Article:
While they’re often more polished than earlier iterations, these modern pop-ups are still impossible to ignore since they obscure on-page content. Needless to say, this intrusiveness makes them potentially annoying to your customers.
So as a marketer, how do you drive engagement (collect email addresses, encourage signups, etc.) while still giving your customers an optimal online experience? Here are 5 ways to put some pop in your pop-ups:
Slow Your Roll
The worst thing you can do is rush your pop-ups. Don’t hit your visitors with messaging the second they land on your site; let them spend some time on the page. Giving them a chance to browse the page before intruding is not only courteous, it’s effective. As a case in point, a recent study from Sumo of 2 billion pop-up examples found that “Of the top 10% of pop-ups, only 8% had pop-ups appear in the 0-4 second mark. And the majority of those 8% were on pages where the pop-up was expected to appear quickly — as in sending someone to a download page.”
So how long should you wait to pop the pop-up? There is no magic number but timing all depends on, well, timing. Use Google Analytics to align your pop-up time with the average amount of time visitors typically spend on the page containing the pop-up. For instance, if visitors typically spend 30 seconds on that page, trigger the pop-up around 15 seconds. This gives them enough time to absorb your content and increases the likelihood of pop-up engagement.
Just Dim It
Once you’ve determined the ideal time to introduce your pop-up, don’t take over the entire page when you do so. Slightly dim the page to bring your pop-up to the foreground. This not only makes your pop-up the main focus, it places it within the context of the page it’s been uniquely designed to occupy. For instance, if your pop-up messaging encourages a case study download, showing visitors a dimmed out representation of the case study is far preferable to seeing nothing at all.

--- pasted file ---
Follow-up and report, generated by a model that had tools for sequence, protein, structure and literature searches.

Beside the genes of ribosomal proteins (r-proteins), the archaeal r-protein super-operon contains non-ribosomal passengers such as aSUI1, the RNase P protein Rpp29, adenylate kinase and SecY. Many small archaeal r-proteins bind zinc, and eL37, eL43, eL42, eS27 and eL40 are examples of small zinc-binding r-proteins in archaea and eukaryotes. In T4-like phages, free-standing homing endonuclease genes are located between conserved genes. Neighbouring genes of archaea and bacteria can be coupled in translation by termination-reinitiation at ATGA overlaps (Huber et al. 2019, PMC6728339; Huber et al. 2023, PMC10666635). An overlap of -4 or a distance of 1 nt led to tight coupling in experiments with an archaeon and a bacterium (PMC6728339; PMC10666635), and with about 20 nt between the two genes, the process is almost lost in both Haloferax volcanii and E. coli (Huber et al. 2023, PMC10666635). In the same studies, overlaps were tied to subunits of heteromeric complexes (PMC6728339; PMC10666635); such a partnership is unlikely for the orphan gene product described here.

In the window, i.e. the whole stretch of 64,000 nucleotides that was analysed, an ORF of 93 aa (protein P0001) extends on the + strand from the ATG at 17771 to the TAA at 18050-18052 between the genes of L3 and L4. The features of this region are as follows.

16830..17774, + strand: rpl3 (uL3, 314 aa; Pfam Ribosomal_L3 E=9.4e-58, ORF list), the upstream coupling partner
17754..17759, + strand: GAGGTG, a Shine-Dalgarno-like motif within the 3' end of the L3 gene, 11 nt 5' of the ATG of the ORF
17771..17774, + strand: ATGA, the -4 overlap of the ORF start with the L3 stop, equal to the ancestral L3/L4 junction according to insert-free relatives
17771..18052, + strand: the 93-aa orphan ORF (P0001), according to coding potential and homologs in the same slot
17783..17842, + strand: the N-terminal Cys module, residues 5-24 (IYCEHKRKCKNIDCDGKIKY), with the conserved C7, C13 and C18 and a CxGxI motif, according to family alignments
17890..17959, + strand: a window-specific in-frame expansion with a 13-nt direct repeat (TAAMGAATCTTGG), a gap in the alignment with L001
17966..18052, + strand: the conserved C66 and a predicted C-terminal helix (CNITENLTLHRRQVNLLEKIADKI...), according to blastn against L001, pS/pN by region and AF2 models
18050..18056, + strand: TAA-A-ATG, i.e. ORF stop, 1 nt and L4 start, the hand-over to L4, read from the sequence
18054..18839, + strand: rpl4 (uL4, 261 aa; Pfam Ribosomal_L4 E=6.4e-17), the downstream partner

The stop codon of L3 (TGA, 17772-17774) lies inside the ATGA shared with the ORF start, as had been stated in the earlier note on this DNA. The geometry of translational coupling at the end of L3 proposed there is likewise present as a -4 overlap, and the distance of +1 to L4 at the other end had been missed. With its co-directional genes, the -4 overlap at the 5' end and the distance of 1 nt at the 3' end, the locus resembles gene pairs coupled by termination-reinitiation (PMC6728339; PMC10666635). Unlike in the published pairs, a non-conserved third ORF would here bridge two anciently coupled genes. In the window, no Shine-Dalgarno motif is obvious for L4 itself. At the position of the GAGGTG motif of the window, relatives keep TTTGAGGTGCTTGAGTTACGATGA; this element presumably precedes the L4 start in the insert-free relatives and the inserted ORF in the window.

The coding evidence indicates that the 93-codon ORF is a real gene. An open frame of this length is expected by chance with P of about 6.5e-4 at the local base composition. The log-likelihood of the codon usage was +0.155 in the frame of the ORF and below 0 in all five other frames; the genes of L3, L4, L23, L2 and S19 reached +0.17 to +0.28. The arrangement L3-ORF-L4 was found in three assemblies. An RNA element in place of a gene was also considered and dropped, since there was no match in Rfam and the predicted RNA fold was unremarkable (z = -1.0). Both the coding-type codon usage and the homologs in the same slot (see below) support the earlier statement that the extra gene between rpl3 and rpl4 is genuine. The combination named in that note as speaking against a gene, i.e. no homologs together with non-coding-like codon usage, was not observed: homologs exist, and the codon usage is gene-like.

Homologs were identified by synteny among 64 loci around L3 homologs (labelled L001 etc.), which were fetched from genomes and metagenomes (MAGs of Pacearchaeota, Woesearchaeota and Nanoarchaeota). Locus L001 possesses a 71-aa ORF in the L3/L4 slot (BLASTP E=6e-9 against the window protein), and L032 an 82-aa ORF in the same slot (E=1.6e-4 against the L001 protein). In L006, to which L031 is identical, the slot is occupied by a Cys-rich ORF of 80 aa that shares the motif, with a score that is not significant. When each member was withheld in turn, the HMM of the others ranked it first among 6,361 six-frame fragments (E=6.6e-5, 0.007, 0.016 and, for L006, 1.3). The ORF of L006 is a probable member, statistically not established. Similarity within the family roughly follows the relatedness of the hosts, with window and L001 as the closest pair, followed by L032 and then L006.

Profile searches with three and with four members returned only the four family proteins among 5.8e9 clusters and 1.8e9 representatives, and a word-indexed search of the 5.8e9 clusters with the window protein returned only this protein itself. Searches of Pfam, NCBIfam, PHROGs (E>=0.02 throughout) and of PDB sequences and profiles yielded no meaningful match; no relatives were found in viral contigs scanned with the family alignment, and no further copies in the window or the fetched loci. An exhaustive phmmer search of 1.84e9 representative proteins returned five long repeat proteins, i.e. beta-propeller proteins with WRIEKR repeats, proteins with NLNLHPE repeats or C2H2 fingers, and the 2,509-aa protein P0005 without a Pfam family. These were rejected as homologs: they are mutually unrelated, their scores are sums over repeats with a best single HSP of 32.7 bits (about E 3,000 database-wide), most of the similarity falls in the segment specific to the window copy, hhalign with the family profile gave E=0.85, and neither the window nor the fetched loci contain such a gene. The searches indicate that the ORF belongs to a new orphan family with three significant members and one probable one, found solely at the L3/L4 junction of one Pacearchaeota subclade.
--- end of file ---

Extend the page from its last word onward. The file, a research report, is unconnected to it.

Here’s a great example of a pop-up existing in harmony with the page it’s been designed to occupy:
Imagine how far less effective this pop-up would be without the motivational imagery that already exists on the page.
Don't Take Hostages
The entire dimmed area of the page should also close the pop-up, not just the “X” or “No Thanks” message. After all, the whole idea is to minimize user friction as much as possible. Yes, getting visitors to engage with your pop-up is important, but if they choose to pass on the offer make it simple for them to do so. What you’ll lose in conversion rates you’ll more than makeup for in goodwill.
Keep It Simple
Speaking of simple…don’t overthink it. Try not to twist yourself into knots devising the most amazing piece of creative work this side of Don Draper’s sketch pad. Keep your messaging simple, clear and to the point. Make it instantly understandable and plainly tell your audience exactly what they’re going to get in exchange for their valuable personal information (name, phone, email address, etc.). Also be sure to offer something of enough value that your visitors feel like they’re getting the better deal.
This pop-up from Madewell is a good example of simple messaging that sells:
Yes, the messaging is clever, but it also gets straight to the point and clearly explains what visitors will get access to once they sign up: Special Sales, New Arrivals, Exclusive Finds.
Pass On Passive Aggressiveness
Lately it’s become trendy to include passive aggressive language on pop-ups, particularly when it comes to opt-out messaging. While I’m all for pushing the copywriting envelope, the negatives of this approach outweigh the positives. Sure it can be attention-grabbing (and sometimes a little funny), but it can also be downright cruel - is that a risk worth taking?
For example, check out this pop-up messaging from WordPress:
I’m not convinced the passive-aggressive language helps here. If visitors don’t want to sign up that doesn’t mean they’re outdated – it means the pop-up messaging and/or offer isn’t strong enough. Try again WordPress.
ELLE Magazine takes a similar low road:
Again, guilting someone for not caring to protect their skin isn’t the best strategy. Perhaps ELLE should focus on protecting their brand voice instead.